twinstim.Rd
A twinstim
model as described in Meyer et al. (2012) is fitted to
marked spatio-temporal point process data. This constitutes a
regression approach for conditional intensity function modelling.
The implementation is illustrated in Meyer et al. (2017, Section 3),
see vignette("twinstim")
.
twinstim(endemic, epidemic, siaf, tiaf, qmatrix = data$qmatrix, data,
subset, t0 = data$stgrid$start[1], T = tail(data$stgrid$stop,1),
na.action = na.fail, start = NULL, partial = FALSE,
epilink = "log", control.siaf = list(F = list(), Deriv = list()),
optim.args = list(), finetune = FALSE,
model = FALSE, cumCIF = FALSE, cumCIF.pb = interactive(),
cores = 1, verbose = TRUE)
right-hand side formula for the exponential (Cox-like
multiplicative) endemic component. May contain offsets (to be marked
by the special function offset
). If omitted or ~0
there will be no endemic component in the model. A type-specific
endemic intercept can be requested by including the term
(1|type)
in the formula.
formula representing the epidemic model for the event-specific
covariates (marks) determining infectivity. Offsets are not
implemented here. If omitted or ~0
there will be no epidemic
component in the model.
spatial interaction function. Possible specifications are:
NULL
or missing, corresponding to
siaf.constant()
, i.e. spatially homogeneous
infectivity independent of the distance from the host
a list as returned by siaf
or, more commonly,
generated by a predefined interaction function such as
siaf.gaussian
as in Meyer et al. (2012) or
siaf.powerlaw
as in Meyer and Held (2014).
The latter requires unique event locations, possibly after random
tie-breaking (untie
) or imputation of
interval-censored locations.
siaf.exponential
is a simpler alternative.
a numeric vector corresponding to the knots of a step
function, i.e. the same as siaf.step(knots)
If you run into “false convergence” with a non-constant
siaf
specification, the numerical accuracy of the cubature
methods is most likely too low (see the control.siaf
argument).
temporal interaction function. Possible specifications are:
NULL
or missing, corresponding to
tiaf.constant()
, i.e. time-constant infectivity
a list as returned by tiaf
or by a
predefined interaction function such as
tiaf.exponential
a numeric vector corresponding to the knots of a step
function, i.e. the same as tiaf.step(knots)
square indicator matrix (0/1 or FALSE
/TRUE
) for
possible transmission between the event types. The matrix will be
internally converted to logical
. Defaults to the \(Q\) matrix
specified in data
.
an object of class "epidataCS"
.
an optional vector evaluating to logical indicating a subset of
data$events
to keep. Missing values are
taken as FALSE
. The expression is evaluated in the context of the
data$events@data
data.frame
, i.e. columns of this
data.frame
may be referenced directly by name.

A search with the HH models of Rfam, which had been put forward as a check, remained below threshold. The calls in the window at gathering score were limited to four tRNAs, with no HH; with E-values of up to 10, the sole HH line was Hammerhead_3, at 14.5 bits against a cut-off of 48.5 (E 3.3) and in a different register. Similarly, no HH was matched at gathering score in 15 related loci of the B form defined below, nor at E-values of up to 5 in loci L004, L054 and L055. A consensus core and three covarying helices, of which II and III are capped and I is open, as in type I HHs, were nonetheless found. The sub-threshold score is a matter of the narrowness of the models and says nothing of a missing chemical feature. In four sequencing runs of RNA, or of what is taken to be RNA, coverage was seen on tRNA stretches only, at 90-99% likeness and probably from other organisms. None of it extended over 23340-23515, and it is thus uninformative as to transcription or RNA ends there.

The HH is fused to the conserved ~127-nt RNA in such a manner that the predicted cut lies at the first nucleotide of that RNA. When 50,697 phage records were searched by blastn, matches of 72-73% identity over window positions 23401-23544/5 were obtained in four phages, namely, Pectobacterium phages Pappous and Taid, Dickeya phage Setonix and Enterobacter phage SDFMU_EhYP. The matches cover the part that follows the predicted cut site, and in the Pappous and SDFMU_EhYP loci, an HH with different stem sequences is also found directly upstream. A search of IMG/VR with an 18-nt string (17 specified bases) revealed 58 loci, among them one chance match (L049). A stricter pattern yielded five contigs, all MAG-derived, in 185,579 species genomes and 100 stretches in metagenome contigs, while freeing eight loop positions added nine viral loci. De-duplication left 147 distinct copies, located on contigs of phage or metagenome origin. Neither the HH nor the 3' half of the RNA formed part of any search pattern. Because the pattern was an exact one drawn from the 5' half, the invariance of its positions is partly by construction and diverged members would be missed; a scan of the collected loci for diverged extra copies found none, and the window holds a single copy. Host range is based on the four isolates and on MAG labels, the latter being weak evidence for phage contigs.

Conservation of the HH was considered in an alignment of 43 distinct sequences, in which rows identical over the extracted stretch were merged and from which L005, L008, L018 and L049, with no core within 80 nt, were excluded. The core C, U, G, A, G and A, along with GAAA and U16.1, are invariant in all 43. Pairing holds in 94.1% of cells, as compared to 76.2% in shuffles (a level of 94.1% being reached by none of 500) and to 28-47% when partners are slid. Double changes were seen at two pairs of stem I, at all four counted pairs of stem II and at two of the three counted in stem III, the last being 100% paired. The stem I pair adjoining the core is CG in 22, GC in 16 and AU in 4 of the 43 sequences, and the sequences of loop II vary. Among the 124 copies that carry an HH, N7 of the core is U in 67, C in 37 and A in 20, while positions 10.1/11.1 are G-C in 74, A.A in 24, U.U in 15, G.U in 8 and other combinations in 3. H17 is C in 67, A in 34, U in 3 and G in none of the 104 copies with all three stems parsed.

events having occurred during (-Inf;t0] are regarded as part of the
prehistory \(H_0\) of the process. Only events that occurred in the
interval (t0; T] are considered in the likelihood.
The time point t0
(T
) must
be an element of data$stgrid$start
(data$stgrid$stop
).
The default time range covers the whole spatio-temporal grid
of endemic covariates.
how to deal with missing values in data$events
? Do not use
na.pass
. Missing values in the spatio-temporal grid
data$stgrid
are not accepted.
a named vector of initial values for (a subset of) the parameters.
The names must conform to the conventions of twinstim
to be
assigned to the correct model terms. For instance,
"h.(Intercept)"
= endemic intercept,
"h.I(start/365)"
= coefficient of a linear time
trend in the endemic component, "h.factorB"
=
coefficient of the level B of the factor variable factor
in
the endemic predictor, "e.(Intercept)"
= epidemic intercept,
"e.VAR"
= coefficient of the epidemic term VAR
,
"e.siaf.2"
= second siaf
parameter,
"e.tiaf.1"
= first tiaf
parameter.
Elements which don't match any of the model parameters are ignored.
Alternatively, start
may also be a named list with elements
"endemic"
or "h"
, "epidemic"
or "e"
,
"siaf"
or "e.siaf"
, and "tiaf"
or "e.tiaf"
,
each of which containing a named numeric vector with the term labels
as names (i.e. without the prefix "h."
, "e."
, etc).
Thus, start=list(endemic=c("(Intercept)"=-10))
is equivalent
to start=c("h.(Intercept)"=-10)
.
logical indicating if a partial likelihood similar to the approach
by Diggle et al. (2010) should be used (default is FALSE
).
Note that the partial likelihood implementation is not well tested.
a character string determining the link function to be used for the
epidemic
linear predictor of event marks. By default, the
log-link is used. The experimental alternative
epilink = "identity"
(for use by epitest
) does
not guarantee the force of infection to be positive. If this leads
to a negative total intensity (endemic + epidemic), the point
process is not well defined (the log-likelihood will be
NaN
).
a list with elements "F"
and "Deriv"